Uniform convergence

In mathematical analysis, a sequence { fn } of functions converges uniformly to a limiting function f if the speed of convergence of fn(x) to f(x) does not depend on x. This notion is used because several important properties of the functions fn, such as continuity, differentiability and Riemann integrability, are only transferred to the limit f if the convergence is uniform.


Definition and comparison with pointwise convergence

Suppose S is a set and fn : SR are real-valued functions for every natural number n. We say that the sequence (fn) converges uniformly with limit f : SR if and only if

for every ε > 0, there exists a natural number N, such that for all x in S and all nN: |fn(x) − f(x)| < ε.

Compare this to the concept of pointwise convergence: The sequence (fn) converges pointwise with limit f : SR if and only if

for every x in S and every ε > 0, there exists a natural number N, such that for all nN: |fn(x) − f(x)| < ε.

In the case of uniform convergence, N can only depend on ε, while in the case of pointwise convergence N may depend on ε and x. It is therefore plain that uniform convergence implies pointwise convergence. The converse is not true, as the following example shows: take S to be the unit interval [0,1] and define fn(x) = xn for every natural number n. Then (fn) converges pointwise to the function f defined by f(x) = 0 if x < 1 and f(1) = 1. This convergence is not uniform: for instance for ε = 1/4, there exists no N as required by the definition.

Topological reformulation

Given a topological space X, we can equip the space of real or complex-valued functions over X with the uniform norm topology. Then, uniform convergence simply means convergence in the uniform norm topology.


If S is a real interval (or indeed any topological space), we can talk about the continuity of the functions fn and f. The following is the more important result about uniform continuity:

Uniform convergence theorem. If (fn) is a sequence of continuous functions which converges uniformly towards the function f, then f is continuous as well.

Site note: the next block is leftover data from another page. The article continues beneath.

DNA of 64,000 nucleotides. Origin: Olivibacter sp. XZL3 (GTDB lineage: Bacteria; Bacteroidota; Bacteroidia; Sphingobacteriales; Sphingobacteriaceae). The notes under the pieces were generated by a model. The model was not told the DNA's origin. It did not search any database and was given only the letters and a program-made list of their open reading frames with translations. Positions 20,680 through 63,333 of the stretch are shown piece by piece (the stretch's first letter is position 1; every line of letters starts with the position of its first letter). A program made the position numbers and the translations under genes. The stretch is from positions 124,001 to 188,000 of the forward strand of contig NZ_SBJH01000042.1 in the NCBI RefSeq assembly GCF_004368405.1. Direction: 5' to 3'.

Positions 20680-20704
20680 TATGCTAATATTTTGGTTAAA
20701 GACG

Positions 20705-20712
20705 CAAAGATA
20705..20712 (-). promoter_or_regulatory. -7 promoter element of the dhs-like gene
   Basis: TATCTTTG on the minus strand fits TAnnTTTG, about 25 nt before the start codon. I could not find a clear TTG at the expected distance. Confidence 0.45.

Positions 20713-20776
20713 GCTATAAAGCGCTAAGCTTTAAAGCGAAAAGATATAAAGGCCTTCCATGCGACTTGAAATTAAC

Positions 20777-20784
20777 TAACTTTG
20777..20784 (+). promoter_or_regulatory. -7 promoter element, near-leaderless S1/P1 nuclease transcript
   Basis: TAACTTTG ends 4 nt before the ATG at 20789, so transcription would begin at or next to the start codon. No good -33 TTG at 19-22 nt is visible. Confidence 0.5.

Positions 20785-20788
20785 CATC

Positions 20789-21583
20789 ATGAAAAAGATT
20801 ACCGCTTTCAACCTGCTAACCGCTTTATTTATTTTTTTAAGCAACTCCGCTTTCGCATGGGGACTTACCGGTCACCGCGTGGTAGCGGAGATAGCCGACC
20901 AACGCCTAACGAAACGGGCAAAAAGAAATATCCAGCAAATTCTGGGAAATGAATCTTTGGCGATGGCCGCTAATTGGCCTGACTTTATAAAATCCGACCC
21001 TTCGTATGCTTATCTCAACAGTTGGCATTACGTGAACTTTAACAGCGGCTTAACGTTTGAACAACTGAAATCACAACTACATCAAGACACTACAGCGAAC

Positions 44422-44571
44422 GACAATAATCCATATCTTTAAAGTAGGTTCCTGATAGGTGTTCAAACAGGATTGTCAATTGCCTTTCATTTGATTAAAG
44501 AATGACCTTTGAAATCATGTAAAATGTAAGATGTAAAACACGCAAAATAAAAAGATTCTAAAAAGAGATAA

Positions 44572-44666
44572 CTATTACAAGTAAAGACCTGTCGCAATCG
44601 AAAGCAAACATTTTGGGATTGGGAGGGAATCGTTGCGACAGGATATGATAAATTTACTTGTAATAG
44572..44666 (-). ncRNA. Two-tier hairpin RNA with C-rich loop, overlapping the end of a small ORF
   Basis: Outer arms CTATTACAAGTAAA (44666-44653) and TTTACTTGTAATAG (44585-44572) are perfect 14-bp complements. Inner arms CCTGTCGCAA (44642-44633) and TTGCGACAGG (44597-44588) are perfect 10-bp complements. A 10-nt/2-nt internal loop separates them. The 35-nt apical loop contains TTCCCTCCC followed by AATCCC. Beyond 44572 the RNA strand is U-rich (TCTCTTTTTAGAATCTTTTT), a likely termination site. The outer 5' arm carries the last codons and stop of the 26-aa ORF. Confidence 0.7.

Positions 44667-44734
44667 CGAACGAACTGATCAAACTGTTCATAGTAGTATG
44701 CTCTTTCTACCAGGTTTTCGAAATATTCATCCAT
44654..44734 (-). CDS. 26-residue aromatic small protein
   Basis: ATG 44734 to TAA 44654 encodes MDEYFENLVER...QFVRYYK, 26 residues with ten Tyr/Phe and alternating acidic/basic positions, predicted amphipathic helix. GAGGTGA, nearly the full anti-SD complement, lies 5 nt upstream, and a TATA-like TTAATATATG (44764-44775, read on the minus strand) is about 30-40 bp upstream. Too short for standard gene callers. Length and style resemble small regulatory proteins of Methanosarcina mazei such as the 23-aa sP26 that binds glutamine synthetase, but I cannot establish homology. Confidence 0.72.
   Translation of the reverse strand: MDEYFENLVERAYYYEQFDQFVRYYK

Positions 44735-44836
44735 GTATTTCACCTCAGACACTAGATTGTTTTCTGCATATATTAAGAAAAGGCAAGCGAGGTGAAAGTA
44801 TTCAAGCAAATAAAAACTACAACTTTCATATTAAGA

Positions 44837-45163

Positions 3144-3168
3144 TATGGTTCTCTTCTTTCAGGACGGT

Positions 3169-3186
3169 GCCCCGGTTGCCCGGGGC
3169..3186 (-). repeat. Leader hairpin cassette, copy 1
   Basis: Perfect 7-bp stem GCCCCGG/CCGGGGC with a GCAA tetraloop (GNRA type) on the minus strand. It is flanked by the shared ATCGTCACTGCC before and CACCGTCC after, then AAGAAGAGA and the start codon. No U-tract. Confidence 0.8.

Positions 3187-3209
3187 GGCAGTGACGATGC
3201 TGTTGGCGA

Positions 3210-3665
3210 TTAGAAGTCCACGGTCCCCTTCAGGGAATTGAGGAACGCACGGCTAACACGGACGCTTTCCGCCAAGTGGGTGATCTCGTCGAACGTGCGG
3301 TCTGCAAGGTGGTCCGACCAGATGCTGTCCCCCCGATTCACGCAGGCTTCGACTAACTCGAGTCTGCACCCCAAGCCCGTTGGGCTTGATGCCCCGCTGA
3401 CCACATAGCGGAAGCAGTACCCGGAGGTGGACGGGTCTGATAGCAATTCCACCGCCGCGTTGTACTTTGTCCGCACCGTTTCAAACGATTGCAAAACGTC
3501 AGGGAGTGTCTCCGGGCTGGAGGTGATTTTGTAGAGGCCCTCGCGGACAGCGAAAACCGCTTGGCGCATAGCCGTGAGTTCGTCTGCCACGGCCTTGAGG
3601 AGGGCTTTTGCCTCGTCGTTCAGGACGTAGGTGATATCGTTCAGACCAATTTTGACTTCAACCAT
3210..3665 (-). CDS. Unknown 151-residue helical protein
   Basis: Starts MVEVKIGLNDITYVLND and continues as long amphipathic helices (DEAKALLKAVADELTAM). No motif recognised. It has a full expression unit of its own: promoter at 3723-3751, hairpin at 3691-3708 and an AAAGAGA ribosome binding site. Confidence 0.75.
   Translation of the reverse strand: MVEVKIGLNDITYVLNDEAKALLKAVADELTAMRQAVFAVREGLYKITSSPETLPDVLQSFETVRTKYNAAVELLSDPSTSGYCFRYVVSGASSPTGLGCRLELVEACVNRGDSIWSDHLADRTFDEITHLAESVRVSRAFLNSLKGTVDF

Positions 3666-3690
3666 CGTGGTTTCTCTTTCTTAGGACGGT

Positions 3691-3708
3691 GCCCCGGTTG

Missing image
Counterexample to the converse of the uniform convergence theorem. The continuous green functions sinn(x) converge to the non-continuous red function because convergence is not uniform

The former theorem is important, since pointwise convergence of functions is not enough to guarantee convergence of the limit function as the image illustrates.

If S is an interval and all the functions fn are differentiable and converge to a limit f, it is often desirable to differentiate the limit function f by taking the limit of the derivatives of fn. This is however in general not possible: even if the convergence is uniform, the limit function need not be differentiable, and even if it is differentiable, the derivative of the limit function need not be equal to the limit of the derivatives. Consider for instance fn(x) = 1/n sin(nx) with uniform limit 0, but the derivatives do not approach 0. The precise statement covering this situation is as follows:

If fn converges uniformly to f, and if all the fn are differentiable, and if the derivatives f'n converge uniformly to g, then f is differentiable and its derivative is g.

Similarly, one often wants to exchange integrals and limit processes. For the Riemann integral, one needs to require uniform convergence:

If (fn) is a sequence of Riemann integrable functions which uniformly converge with limit f, then f is Riemann integrable and its integral can be computed as the limit of the integrals of the fn.

Much stronger theorems in this respect, which require not much more than pointwise convergence, can be obtained if one abandons the Riemann integral and uses the Lebesgue integral instead.

If S is a compact interval (or in general a compact topological space), and (fn) is a monotone increasing sequence (meaning fn(x) ≤ fn+1(x) for all n and x) of continuous functions with a pointwise limit f which is also continuous, then the convergence is necessarily uniform ("Dini's theorem"). Uniform convergence is also guaranteed if S is a compact interval and (fn) is an equicontinuous sequence that converges pointwise.


One may straightforwardly extend the concept to functions SM, where (M, d) is a metric space, by replacing |fn(x) - f(x)| with d(fn(x), f(x)).

The most general setting is the uniform convergence of nets of functions SX, where X is a uniform space. We say that the net (fα) converges uniformly with limit f : SX iff

for every entourage V in X, there exists an α0, such that for every x in I and every α => α0: (fα(x), f(x)) is in V.

The above mentioned theorem, stating that the uniform limit of continuous functions is continuous, remains correct in these settings.


Augustin Louis Cauchy in 1821 published a faulty proof of the false statement that the pointwise limit of a sequence of continuous functions is always continuous. Joseph Fourier and Niels Henrik Abel found counter examples in the context of Fourier series. Dirichlet then analyzed Cauchy's proof and found the mistake: the notion of pointwise convergence had to be replaced by uniform convergence.


Theory and Application of Infinite Series, Konrad Knopp, Blackie and Son, London, 1954, reprinted by Dover Publications, ISBN 0486661652.

See also

he:התכנסות במידה שווה


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